Their posture was deeply frustrating to Mr. Biden, a Senate institutionalist who was focused on vote counts.

“Does anybody here think the White House doesn’t have 55 votes for their resolution if we don’t have an alternative?” he railed at antiwar colleagues, according to his 2007 book, “Promises to Keep.” He added in the book, “I begged them to at least vote Biden-Lugar out of committee, but they made it clear they wouldn’t do it — on principle. They wanted purity.”

Reluctant Senate colleagues represented only one challenge that Mr. Biden faced. In a late-night phone call to Mr. Biden’s home, Mr. Lugar had informed him of a brewing counter-effort: The administration was working with Representative Richard A. Gephardt of Missouri, the House Democratic leader, on alternative language. Mr. Gephardt struck a deal with Mr. Bush and appeared with him and other lawmakers in the Rose Garden. (He was later critical of the Bush administration’s handling of Iraq.)

The deal had effectively torpedoed Mr. Biden’s proposal — and he seemed to know it.

“I’m sure the argument will be, well, why are we nit-picking?” he told reporters at the Capitol, clutching a coffee cup and, at one point, apparently exasperated, dismissing a reporter’s line of inquiry as “malarkey.”

The debate in Washington unfolded in a nation gripped by fears about terrorism.

“This country was really off balance and petrified and looking to the president to protect them,” Mr. Hagel said. “Members of Congress couldn’t get too far out politically to push back on the president, to say, ‘Well, I’m not sure that’s that important, I’m not sure he has weapons of mass destruction.’”

Politically ambitious Democrats were also leery of appearing weak on national security matters — and in the November 2002 midterm elections, Republicans would regain control of the Senate.

After his own proposal fell apart, Mr. Biden continued to meet with Bush administration officials. He found Secretary of State Colin L. Powell to be an influential and steady hand in the administration, and said publicly that the war resolution had been sufficiently improved from what the president had originally sought.

Nearly two decades later, the faith that Mr. Biden put in Mr. Bush is now a target for criticism.

“Many of his comments provided cover for proponents of the war — the war that many have come to realize was a fatal mistake,” said Jim Manley, who at the time was press secretary for Senator Edward M. Kennedy, Democrat of Massachusetts and a leading opponent of the war authorization.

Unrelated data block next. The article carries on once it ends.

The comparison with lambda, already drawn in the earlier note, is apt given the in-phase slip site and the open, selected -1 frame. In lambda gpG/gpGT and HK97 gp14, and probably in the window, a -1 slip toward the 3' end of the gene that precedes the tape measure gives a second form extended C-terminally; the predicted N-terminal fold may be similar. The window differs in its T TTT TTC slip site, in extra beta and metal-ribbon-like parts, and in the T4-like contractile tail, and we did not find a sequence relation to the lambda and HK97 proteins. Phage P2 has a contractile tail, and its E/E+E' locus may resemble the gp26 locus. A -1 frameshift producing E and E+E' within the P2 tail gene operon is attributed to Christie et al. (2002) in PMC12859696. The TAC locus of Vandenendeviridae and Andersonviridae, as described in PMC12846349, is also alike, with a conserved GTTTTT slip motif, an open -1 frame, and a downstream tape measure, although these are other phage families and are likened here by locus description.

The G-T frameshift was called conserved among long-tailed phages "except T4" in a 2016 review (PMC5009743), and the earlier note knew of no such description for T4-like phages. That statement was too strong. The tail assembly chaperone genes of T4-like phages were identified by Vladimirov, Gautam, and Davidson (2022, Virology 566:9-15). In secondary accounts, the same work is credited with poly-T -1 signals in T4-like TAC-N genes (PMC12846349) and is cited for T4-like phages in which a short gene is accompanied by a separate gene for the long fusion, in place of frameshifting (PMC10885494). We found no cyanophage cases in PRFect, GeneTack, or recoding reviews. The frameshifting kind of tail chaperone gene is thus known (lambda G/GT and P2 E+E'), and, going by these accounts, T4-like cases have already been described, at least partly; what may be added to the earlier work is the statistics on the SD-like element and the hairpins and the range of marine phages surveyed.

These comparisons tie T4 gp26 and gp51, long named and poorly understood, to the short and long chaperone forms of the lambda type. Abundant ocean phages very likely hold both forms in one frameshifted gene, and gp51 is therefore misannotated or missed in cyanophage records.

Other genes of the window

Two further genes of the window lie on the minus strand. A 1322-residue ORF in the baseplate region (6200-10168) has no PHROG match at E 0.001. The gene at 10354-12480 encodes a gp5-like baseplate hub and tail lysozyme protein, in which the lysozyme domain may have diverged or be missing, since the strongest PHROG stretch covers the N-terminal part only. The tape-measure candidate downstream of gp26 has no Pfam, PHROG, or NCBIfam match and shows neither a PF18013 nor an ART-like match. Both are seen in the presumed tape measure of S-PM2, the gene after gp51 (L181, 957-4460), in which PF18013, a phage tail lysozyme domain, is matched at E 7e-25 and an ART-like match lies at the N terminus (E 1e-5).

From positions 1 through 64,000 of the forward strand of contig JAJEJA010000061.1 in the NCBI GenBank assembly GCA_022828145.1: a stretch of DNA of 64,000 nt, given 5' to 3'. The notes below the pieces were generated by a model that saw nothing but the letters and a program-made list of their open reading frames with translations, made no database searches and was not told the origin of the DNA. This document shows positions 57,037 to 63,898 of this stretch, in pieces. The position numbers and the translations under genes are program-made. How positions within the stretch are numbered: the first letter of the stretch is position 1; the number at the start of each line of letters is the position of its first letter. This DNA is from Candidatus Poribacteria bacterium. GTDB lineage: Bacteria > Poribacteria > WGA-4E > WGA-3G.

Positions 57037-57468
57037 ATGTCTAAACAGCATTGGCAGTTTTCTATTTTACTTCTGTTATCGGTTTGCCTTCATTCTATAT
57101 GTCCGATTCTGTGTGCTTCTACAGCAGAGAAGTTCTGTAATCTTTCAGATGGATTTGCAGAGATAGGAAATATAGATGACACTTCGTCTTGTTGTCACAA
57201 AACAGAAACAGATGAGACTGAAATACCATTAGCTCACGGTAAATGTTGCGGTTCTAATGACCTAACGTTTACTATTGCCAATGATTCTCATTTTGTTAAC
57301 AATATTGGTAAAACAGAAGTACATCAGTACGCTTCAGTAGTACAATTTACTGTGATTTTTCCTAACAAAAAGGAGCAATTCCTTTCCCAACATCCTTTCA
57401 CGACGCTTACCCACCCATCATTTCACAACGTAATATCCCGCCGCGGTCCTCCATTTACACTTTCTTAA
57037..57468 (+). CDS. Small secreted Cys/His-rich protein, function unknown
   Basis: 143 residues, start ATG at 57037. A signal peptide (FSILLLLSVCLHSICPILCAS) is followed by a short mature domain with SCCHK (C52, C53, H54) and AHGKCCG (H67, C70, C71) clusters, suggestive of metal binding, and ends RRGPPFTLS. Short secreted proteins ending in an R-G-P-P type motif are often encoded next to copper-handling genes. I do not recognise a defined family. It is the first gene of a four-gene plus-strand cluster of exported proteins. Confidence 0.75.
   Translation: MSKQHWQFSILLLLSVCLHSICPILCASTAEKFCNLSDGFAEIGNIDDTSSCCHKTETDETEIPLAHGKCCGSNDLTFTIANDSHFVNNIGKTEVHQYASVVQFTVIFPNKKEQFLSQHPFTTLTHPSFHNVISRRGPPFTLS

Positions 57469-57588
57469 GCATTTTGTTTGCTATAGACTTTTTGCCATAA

On Saturday, the Sanders campaign released a blistering statement excoriating Mr. Biden for his Iraq war vote.

“Bernie Sanders saw the same information and had the judgment to vote against the Iraq war,” Jeff Weaver, a senior adviser to Mr. Sanders, said in the statement. Mr. Biden, he suggested, “undermined Democratic opposition, enthusiastically supported a disastrous war, refuses to admit mistakes, and then tries to rewrite history.”

Mr. Biden’s allies argue that his vote was intended to support the strengthening of diplomatic efforts in the hopes of preventing military conflict.

“For Biden and for a number of others who voted for the resolution, it was a vote for tough diplomacy,” said Antony J. Blinken, a longtime Biden adviser who served as Democratic staff director for the Senate Foreign Relations Committee. It is more likely that diplomacy will succeed, he argued, if the other side knows military action is possible.

As Mr. Biden eventually acknowledged, that did not work as he had hoped.

“It was a mistake to assume the president would use the authority we gave him properly,” he said on NBC’s “Meet the Press” in 2005.

But on the campaign trail this election cycle, he has suggested he opposed the war and Mr. Bush’s conduct from the beginning, claims that do not match the historical record.

“Immediately, the moment it started, I came out against the war at that moment,” he told NPR in an interview in September. His campaign later said he had misspoken, according to a fact check from The Washington Post. At a campaign stop in Des Moines this month, Mr. Biden said, “The president then went ahead with ‘shock and awe,’ and right after that, and from the very moment he did that, right after that, I opposed what he was doing,” a misleading assertion at best, according to an assessment from CNN.

Mr. Biden did ultimately become a vocal opponent of the Bush administration’s stewardship of the war, and went on to serve as vice president to Barack Obama, a critic of the conflict. The war took a personal toll when his elder son, Beau Biden, deployed to Iraq in 2008 with the Delaware Army National Guard. Beau Biden died in 2015 from brain cancer, and his father has discussed the possibility of a link between the illness and exposure to pits of burning waste on military bases.

Ms. Boxer attended a fund-raiser for Mr. Biden last week, though she said she was not yet formally endorsing him, and spoke warmly about her former Foreign Relations Committee colleague in an interview. She emphasized his record and all he had done in the nearly two decades since they clashed on Iraq.

“They fought very hard to get us on board and we fought very hard to get them to stop,” Ms. Boxer said. “Once he saw that it was a mistake, he really stepped up to the plate to try and come up with a way out of this war.”

Ahead of that 2002 vote, Mr. Biden stood on the Senate floor to explain his support for the war authorization. He followed Senator Hillary Clinton of New York — who in her later presidential campaigns also faced scrutiny over her Iraq war vote — and spoke for an hour.

“I do not believe this is a rush to war,” Mr. Biden said. “I believe it’s a march to peace and security.”

Hours later, he cast his vote in the affirmative.

Kitty Bennett contributed research.